Apolipoprotein A4’s (APOA4’s) functions on HDL in humans are not well understood. A unique feature of APOA4 is that it is an intestinal apolipoprotein secreted on HDL and chylomicrons. The goal of this study was to gain a better understanding of the origin and function of APOA4 on HDL by studying its metabolism across 6 HDL sizes. Twelve participants completed a metabolic tracer study. HDL was isolated by APOA1 immunopurification and separated by size. Tracer enrichments for APOA4 and APOA1 were determined by targeted mass spectrometry, and metabolic rates were derived by compartmental modeling. APOA4 metabolism on small HDL (alpha3, prebeta, and very small prebeta) was distinct from that of APOA4 on large HDL (alpha0, 1, 2). APOA4 on small HDL appeared in circulation by 30 minutes and was relatively rapidly catabolized. In contrast, APOA4 on large HDL appeared in circulation later (1–2 hours) and had a much slower catabolism. The unique metabolic profiles of APOA4 on small and large HDL likely indicate that each has a distinct origin and function in humans. This evidence supports the notion that APOA4 on small HDL originates directly from the small intestine while APOA4 on large HDL originates from chylomicron transfer.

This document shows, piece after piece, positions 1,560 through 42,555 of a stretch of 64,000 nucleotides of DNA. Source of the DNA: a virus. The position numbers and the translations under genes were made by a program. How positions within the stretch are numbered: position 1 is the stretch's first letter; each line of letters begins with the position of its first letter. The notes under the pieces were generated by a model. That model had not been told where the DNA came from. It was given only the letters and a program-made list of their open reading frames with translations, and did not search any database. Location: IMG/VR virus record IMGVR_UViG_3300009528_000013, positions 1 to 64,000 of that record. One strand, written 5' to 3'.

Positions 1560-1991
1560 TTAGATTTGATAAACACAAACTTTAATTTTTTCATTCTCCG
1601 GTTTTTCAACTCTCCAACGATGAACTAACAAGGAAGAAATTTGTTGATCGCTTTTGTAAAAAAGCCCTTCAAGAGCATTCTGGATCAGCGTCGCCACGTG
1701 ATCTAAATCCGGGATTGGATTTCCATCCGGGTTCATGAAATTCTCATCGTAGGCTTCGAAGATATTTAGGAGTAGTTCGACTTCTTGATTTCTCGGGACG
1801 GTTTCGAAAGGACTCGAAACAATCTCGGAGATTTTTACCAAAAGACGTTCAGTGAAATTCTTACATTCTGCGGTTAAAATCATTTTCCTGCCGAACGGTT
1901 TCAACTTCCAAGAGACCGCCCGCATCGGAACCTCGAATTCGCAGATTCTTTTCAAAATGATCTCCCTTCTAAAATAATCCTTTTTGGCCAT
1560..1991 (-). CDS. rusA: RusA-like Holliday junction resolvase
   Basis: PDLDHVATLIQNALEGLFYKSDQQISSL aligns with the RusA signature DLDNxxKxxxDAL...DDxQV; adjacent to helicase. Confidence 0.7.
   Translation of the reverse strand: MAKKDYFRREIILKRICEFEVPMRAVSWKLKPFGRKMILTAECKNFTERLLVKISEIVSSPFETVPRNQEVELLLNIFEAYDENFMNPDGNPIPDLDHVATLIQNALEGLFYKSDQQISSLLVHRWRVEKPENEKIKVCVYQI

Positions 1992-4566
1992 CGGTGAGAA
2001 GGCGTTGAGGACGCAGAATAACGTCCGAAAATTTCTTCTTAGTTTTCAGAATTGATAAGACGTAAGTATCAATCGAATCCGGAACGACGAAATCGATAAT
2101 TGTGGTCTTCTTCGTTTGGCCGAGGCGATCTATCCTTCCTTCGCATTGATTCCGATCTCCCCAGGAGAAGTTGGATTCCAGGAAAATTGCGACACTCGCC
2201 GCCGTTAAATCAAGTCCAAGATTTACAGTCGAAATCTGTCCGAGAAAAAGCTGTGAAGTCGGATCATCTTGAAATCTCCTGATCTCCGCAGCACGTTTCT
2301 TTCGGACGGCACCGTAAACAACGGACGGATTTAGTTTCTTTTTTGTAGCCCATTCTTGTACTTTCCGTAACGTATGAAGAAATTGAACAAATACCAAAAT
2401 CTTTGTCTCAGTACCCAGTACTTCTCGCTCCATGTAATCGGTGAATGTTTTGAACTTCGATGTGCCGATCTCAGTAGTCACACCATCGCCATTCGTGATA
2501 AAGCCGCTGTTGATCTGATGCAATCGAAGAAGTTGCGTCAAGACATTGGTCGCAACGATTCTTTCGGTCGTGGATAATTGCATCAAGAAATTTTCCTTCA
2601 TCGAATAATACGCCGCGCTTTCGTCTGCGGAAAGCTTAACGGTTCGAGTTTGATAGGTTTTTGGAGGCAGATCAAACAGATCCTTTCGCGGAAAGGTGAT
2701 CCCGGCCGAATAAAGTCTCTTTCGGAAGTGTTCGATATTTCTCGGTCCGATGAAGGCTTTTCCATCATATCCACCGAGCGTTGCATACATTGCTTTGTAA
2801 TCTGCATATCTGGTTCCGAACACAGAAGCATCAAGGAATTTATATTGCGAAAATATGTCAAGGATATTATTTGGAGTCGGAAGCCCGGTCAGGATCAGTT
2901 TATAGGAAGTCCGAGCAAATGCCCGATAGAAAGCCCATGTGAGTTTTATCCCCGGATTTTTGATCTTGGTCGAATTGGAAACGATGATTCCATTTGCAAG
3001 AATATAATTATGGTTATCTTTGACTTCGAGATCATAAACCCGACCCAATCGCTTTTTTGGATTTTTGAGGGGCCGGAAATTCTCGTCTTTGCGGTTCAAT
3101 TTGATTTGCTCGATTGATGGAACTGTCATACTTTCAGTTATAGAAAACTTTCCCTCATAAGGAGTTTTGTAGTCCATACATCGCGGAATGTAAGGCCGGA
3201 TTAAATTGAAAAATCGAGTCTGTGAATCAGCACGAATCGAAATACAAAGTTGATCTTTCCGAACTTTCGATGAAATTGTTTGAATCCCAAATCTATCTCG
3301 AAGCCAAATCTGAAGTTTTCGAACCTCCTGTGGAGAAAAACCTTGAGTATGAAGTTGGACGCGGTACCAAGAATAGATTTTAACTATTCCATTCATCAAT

Allison B. Andraski, Sasha A. Singh, Hideyuki Higashi, Lang Ho Lee, Masanori Aikawa, Frank M. Sacks